Overall then, the GeForce GTX 1080 Ti is another well-executed launch by NVIDIA. The $699 card isn’t for the faint of wallet, but if you can afford to spend that much money on the hobby, then the GTX 1080 Ti is unrivaled in performance.

Finally, looking at the big picture, this launch further solidifies NVIDIA’s dominance of the high-end video card market. The GTX 1080 has gone unchallenged in the last 10 months, and with the GTX 1080 Ti NVIDIA is extending that performance lead even farther. As I mentioned towards the start of this article, the launch of the GTX 1080 Ti is both a chance for NVIDIA to take a victory lap for 2016 and to set the stage for the rest of the year. For now it puts them that much farther ahead of AMD and gives them a chance to start 2017 on a high note. But GTX 1080 Ti won’t go unanswered forever, and later on this year we’re going to get a chance to see where AMD’s Vega fits into the big picture. I for one am hoping for an exciting year.

Power, Temperature, & Noise


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  • eddman - Friday, March 10, 2017 - link

    So we moved from "nvidia pays devs to deliberately not optimize for AMD" to "nvidia works with devs to optimize the games for their own hardware, which might spoil them and result in them not optimizing for AMD properly".

    How is that bribery, illegal? If they did not prevent the devs from optimizing for AMD then nothing illegal happened. It was the devs own doing.
  • ddriver - Friday, March 10, 2017 - link

    Nope, there is an implicit, unspoken condition to receiving support from nvidia. To lazy slobs, that's welcome, and most devs are lazy slobs. Their line of reasoning is quite simple:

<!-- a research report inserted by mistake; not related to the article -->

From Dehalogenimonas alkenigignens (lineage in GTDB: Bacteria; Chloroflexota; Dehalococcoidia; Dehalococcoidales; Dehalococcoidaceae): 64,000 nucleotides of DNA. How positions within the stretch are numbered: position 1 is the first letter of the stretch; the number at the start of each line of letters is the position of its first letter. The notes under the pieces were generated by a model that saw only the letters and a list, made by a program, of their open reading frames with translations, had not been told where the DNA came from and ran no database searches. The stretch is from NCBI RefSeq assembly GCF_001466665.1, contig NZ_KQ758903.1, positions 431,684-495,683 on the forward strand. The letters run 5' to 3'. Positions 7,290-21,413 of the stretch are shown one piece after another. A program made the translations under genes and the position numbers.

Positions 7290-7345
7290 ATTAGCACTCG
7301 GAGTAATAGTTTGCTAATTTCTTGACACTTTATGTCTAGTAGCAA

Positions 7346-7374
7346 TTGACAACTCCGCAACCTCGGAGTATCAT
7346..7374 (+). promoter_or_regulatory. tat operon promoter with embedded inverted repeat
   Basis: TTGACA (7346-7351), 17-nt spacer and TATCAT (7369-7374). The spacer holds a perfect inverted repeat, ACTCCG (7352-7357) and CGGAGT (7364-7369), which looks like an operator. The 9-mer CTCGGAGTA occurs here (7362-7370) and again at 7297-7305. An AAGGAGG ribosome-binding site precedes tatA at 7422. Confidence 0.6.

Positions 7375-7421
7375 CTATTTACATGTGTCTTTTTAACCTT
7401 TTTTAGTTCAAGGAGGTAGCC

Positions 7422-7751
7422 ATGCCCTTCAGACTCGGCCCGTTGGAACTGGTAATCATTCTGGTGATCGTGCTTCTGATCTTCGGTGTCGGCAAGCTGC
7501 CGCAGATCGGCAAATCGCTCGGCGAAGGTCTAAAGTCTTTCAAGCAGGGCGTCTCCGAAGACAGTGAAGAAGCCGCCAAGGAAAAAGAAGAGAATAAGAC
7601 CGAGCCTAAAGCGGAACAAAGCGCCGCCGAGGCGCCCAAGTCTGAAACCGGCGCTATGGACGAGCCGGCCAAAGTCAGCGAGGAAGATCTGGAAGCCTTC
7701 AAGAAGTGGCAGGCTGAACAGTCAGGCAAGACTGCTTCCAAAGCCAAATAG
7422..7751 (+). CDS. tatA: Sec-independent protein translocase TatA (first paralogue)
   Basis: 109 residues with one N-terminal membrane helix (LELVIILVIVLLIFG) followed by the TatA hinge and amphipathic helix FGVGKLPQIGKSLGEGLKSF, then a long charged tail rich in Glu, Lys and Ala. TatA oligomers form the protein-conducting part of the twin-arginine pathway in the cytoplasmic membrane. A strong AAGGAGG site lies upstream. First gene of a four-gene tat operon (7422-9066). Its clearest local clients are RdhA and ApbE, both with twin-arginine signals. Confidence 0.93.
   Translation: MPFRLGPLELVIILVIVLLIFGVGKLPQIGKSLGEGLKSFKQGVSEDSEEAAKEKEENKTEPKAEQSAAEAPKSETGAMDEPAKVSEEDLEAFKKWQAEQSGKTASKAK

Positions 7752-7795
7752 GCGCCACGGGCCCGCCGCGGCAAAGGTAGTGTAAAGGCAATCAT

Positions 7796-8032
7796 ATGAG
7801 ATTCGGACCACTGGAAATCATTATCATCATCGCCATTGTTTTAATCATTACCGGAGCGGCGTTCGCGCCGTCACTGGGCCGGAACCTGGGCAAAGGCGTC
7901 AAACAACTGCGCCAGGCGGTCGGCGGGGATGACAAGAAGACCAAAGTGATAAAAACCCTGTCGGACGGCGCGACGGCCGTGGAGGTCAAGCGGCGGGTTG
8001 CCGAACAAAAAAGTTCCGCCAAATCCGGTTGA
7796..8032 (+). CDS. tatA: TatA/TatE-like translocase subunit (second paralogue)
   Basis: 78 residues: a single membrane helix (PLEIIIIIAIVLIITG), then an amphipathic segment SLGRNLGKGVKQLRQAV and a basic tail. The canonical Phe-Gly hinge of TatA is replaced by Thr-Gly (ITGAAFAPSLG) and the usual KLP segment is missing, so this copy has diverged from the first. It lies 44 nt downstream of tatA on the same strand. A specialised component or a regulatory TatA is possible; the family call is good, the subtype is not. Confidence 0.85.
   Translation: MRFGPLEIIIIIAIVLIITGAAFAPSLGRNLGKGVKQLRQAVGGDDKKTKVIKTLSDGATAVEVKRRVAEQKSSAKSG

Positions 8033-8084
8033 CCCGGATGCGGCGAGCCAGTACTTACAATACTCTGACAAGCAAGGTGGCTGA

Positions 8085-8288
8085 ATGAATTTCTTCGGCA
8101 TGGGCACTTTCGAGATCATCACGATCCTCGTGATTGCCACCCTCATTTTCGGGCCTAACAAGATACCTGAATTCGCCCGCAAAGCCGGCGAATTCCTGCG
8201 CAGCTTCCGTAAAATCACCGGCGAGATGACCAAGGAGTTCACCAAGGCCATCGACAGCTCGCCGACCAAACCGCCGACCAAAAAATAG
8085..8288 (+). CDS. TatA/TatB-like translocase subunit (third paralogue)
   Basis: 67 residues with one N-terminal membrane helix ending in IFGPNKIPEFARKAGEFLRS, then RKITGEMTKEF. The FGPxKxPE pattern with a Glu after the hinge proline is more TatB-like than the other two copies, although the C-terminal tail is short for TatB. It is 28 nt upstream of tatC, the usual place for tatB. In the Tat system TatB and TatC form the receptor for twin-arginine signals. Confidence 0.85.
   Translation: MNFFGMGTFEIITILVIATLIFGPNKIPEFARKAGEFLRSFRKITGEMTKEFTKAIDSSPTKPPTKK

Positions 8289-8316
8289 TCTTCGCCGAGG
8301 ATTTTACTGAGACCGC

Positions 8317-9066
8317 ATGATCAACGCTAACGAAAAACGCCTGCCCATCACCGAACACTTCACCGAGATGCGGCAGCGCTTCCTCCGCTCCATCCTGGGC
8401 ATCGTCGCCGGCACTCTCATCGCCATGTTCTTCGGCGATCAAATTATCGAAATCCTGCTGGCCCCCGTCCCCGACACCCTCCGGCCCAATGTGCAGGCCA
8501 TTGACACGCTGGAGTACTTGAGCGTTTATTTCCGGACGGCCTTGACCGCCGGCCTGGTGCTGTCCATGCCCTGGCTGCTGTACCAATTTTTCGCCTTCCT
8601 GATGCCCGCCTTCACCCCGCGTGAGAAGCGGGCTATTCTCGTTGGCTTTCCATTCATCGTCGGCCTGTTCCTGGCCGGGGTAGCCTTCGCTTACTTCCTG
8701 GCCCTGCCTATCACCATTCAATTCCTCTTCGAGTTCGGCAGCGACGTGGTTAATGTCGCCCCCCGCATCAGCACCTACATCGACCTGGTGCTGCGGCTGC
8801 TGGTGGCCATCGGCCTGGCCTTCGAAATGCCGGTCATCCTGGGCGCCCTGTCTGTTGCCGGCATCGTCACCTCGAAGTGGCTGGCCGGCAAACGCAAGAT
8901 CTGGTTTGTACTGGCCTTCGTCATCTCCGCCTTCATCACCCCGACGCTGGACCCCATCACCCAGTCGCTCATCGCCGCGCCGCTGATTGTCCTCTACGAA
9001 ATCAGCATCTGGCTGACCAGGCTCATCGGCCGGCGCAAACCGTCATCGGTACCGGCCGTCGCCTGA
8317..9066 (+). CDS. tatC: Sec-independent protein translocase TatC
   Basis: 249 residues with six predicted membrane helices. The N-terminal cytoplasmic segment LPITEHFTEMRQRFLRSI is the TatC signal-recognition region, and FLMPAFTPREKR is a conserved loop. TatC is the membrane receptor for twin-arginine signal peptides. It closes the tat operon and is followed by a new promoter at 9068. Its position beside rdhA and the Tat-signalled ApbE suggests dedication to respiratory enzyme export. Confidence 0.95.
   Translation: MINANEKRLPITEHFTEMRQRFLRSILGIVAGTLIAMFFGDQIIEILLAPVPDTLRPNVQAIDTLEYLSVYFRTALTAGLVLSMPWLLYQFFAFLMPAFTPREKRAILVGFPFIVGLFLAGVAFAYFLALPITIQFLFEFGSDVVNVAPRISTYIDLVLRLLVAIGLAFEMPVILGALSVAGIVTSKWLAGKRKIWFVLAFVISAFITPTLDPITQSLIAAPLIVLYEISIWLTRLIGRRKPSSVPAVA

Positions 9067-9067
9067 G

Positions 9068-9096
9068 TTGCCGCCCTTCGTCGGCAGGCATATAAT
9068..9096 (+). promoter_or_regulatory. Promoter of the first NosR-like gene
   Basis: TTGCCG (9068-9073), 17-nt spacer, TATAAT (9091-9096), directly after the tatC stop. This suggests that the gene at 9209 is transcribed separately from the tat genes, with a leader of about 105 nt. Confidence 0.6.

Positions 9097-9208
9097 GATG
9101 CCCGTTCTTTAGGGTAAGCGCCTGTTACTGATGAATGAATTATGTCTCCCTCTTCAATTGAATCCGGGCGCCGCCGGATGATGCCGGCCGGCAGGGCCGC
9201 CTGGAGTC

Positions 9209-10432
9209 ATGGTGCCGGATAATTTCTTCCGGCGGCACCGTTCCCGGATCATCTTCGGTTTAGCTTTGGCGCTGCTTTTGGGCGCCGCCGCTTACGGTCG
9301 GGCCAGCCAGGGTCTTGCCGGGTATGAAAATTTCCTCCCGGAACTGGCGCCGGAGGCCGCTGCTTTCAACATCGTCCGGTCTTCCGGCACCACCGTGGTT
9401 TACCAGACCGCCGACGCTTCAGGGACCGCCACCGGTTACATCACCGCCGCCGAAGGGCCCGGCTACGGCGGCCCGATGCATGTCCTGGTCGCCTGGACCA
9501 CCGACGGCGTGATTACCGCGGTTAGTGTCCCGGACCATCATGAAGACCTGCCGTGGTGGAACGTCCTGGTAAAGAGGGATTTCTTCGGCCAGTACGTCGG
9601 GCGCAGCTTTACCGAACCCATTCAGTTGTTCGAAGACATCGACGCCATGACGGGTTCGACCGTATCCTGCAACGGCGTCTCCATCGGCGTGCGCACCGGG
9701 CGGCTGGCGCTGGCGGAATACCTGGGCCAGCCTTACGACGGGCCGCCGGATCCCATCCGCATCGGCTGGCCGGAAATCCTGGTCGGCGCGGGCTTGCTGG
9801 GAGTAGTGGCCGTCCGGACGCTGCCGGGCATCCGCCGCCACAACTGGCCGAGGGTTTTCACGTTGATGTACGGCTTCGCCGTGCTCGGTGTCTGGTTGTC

"Working to optimize for amd is hard, I am a lazy and possibly lousy developer, so if they don't do that for me like nvidia does, I won't do that either, besides that would angry nvidia, since they only assist me in order to make their hardware look better, if I do my job and optimize for amd and their hardware ends up beating nvidia's, I risk losing nvidia's support, since why would they put money into helping me if they don't get the upper hand in performance. Besides, most people use nvidia anyway, so why even bother. I'd rather be taken to watch strippers again than optimize my software."

    Manipulation, bribery and extortion. nvidia uses its position to create situation in which game developers have a lot to profit from NOT optimizing for amd, and a lot to lose if they do. Much like intel did with its exclusive discounts. OEM's weren't exactly forced to take those discounts in exchange for not selling amd, they did what they knew would please intel to get rewarded for it. Literally the same thing nvidia does. Game developers know nvidia will be pleased to see their hardware getting an unfair performance advantage, and they know amd doesn't have the money to pamper them, so they do what is necessary please nvidia and ensure they keep getting support.
  • akdj - Monday, March 13, 2017 - link